Of course, we agree that there are people out there who call themselves Nickologists, although they lack the scientific qualifications. There are also medical quacks, but does this invalidate the science of medicine? Nickology should be judged by its most responsible representatives, most precise data and most intellectually challenging theories, and not merely by those who make the easiest target. Instead of holding scientific Nickology responsible for the wild claims of the popular fringe, true skeptics should join with the sincere Nickologists in their effort to give this field a firm position in the scientific world by setting up chairs and research institutes.

A closer examination of Keller’s criticisms of Nickology shows them to be faulty and irrelevant. For example, in order to calculate the GDV (gift delivering velocity) he assumes that Santa has to be sequentially present at every spot where the S-effect takes place. However, recent advances in quantum mechanics suggest that such an assumption is unfounded. Modern Nickologist theory envisages the possibility that the S-effect is a non-localizable correlation between certain dates of the year and the frequencies of appearances of gifts. Though outside critics repeat like broken records their claim that these effects are in contradiction to physical laws, they only manage to demonstrate their own scientific ignorance. Keller’s criticism, I’m afraid, is based on an outdated worldview.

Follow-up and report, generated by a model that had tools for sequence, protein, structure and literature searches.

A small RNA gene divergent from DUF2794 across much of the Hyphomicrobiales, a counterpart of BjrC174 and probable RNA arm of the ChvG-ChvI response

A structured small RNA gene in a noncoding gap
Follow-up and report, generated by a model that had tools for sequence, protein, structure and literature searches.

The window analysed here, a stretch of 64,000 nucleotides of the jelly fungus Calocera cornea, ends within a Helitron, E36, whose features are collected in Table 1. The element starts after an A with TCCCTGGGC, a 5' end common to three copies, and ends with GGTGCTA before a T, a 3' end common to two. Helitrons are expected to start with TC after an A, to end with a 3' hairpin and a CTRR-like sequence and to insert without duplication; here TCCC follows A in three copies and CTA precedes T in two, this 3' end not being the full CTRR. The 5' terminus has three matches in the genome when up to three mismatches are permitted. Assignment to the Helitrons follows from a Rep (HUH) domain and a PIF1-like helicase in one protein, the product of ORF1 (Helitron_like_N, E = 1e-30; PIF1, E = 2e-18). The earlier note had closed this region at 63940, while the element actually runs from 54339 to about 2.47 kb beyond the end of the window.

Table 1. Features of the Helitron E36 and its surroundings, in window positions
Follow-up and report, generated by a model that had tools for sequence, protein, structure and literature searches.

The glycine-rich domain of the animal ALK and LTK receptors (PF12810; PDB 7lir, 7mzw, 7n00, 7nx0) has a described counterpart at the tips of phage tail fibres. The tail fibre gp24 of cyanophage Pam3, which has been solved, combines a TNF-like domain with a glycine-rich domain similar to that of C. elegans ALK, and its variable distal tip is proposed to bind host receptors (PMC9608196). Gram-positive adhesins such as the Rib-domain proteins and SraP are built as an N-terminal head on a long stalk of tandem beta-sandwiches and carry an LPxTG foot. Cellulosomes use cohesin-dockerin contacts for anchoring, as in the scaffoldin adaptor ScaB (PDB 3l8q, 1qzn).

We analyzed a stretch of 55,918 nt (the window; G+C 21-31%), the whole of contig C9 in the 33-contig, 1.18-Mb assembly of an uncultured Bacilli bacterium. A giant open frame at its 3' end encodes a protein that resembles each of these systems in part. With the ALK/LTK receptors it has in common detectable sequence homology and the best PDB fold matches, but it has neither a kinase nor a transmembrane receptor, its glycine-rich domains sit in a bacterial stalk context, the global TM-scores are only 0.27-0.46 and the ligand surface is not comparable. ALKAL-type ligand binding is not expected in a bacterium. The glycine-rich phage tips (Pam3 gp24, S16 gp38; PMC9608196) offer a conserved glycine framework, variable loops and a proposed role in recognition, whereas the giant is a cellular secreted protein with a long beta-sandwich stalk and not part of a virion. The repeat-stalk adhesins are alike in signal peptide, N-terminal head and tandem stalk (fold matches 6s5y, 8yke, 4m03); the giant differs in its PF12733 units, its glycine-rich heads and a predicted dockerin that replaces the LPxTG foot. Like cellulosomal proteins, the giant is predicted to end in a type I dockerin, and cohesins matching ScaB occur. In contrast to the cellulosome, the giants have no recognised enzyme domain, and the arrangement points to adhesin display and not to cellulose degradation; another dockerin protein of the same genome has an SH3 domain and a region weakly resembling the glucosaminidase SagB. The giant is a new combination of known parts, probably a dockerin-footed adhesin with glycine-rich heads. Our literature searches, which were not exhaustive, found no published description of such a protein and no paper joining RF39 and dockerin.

Many debunkers of Nickology claim that the burden of proof rests solely on the Nickologists. This attitude, however, is hardly the way to promote the growth of science. Instead, science proceeds by comparing various hypotheses against one another. But the debunkers avoid the honest and painstaking work of real scientists in developing and testing their theories. They confine themselves to attacking the models of the Nickologists without even trying to give positive alternative hypotheses (e.g., a detailed survey of gift distribution in Holland has shown that the observed effect cannot be explained totally in terms of a conventional theory). Although conventional theories like “Wealthy parents buy more costly gifts” explain the effect in part, there is still an intriguing residue of unexplained correlations. Instead of developing a model for these unexplained correlations and testing it, the skeptics (or “conventional theorists” as they should better be called) flatly reject the effect with glib remarks like “It’s obviously a coincidence.” Such an a priori attitude of refusing to even discuss an empirically established effect can hardly be called science.